I will agree that the new version is cleaner, although I had no issues with the last Barco published document and still proudly have a copy on my desk sent to me by someone at Barco years ago. And, I would say that the past version was unequivocal as well, but the usage of gerber pushed the limits for some adopters obviously. You have even stated in the 2014 article how many issues that Julian brought up are due to poor implementations of the spec, not the fault of the spec. I completely agree with that statement and see the effects of poor implementation several times a year.
    Second, we developed X2, which allow to add the following attributes to a Gerber file: file functions - which layer is represented by the file - and pad functions - is this an via, an SMD pad,.... There was a lot of request to add this information. Yes, we have implemented X2 in UcamX, and this is a benefit of our software. However, the information is there for all to use, and all are invited to implement X2, and several have. There is nothing in these attributes that is Ucamco specific. Surely, all CAM software can define which image is the top layer, and what pads are vias. Having that information in standard way is a benefit for all
    I did not say that the new features were specific to Ucamco, but rather directly benefit your products. Other software products that I use that need additional intelligence from the data have added abilities to leverage other existing formats, such as ODB++/IPC-D-356/GenCAD/PDIF/etc, to accomplish the same goal without requiring my customers to do anything differently in how they supply me data already.
    It tarnishes the standard as a true "industry driven" standard.
    I beg to differ. We went to great lengths to get input of the user community on X2. We are not omniscient. This is illustrated best by the next upcoming extension of the Gerber spec, nested step and repeat. We published the first draft - based on requests from LDI manufacturers - on our website in August 2015 and invited community comment. We are now at the 10th revision based on external input. I do not know what we can do more. By the way, you are all invited to comment - when the spec is frozen it will be too late.
    Maybe tarnish was too strong of a word, but we will just have to be content with disagreeing opinions here.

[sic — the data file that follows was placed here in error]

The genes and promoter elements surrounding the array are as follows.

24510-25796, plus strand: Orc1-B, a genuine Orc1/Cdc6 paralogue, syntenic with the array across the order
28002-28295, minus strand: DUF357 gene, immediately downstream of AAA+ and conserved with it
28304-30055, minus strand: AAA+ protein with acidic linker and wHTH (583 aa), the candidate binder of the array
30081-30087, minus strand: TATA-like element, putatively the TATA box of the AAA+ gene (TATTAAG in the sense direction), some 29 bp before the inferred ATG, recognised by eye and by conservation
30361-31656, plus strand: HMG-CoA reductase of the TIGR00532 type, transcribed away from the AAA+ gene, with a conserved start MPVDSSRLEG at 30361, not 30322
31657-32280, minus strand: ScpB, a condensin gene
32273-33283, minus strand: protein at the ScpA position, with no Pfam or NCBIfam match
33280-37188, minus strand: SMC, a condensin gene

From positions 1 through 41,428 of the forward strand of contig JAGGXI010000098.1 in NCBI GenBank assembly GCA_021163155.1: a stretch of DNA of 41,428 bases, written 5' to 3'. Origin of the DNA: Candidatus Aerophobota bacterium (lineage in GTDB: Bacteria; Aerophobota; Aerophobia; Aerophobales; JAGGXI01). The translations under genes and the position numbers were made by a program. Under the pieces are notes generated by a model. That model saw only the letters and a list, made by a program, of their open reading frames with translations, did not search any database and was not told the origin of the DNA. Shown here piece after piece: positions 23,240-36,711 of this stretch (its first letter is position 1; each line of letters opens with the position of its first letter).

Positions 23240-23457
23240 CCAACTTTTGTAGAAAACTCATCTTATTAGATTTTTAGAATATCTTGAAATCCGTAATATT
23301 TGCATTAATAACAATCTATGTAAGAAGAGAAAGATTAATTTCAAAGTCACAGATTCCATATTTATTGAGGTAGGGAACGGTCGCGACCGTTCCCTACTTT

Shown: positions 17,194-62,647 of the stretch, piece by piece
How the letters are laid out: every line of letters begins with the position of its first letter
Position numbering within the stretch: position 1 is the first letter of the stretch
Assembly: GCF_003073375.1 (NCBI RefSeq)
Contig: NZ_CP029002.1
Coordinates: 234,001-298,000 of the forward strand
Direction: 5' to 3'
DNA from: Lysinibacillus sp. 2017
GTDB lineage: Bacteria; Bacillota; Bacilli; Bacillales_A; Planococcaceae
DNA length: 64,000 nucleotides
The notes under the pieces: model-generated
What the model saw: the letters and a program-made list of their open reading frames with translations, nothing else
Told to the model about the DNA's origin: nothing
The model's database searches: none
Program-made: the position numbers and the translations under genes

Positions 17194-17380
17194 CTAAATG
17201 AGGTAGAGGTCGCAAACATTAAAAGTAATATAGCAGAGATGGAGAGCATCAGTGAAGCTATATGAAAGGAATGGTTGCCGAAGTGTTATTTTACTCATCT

Some of the changes simply add features that exist in other output formats that have been readily available for years, ...
    Maybe, but what is wrong with that? Except maybe that it would have been better if we would have developed X2 earlier.
    ... so I would think advancing their own software would be more valuable for their products, but that means they have to pay for the software development.
    I do not really understand, but we have paid for our own X2 development - as we paid for the development of the specification. If the suggestion is that we should pay for other companies X2 development, the I categorically decline. We derive no license or other revenue from the Gerber format. If people don't want to implement Gerber, so be it.
    I did not mean paying for X2 development, but rather paying for other software Ucamco develops to have the ability to support other readily available formats that already supply the same information. I don't know UcamX's abilities, but if it supports ODB++ or other more intelligent formats, I don't understand the justification for modifying the gerber format to replicate the intelligence.
    And yes, had X2 development started a few years prior to when it did, I would expect to see it competing with all of the abilities of ODB++. As the industry has changed in that the data exchange between designer and manufacturer is much more in depth and robust, ODB++ has definitely gained momentum.
    In any case, there are some valuable additions to the X2 format and I hope to some day see them get used.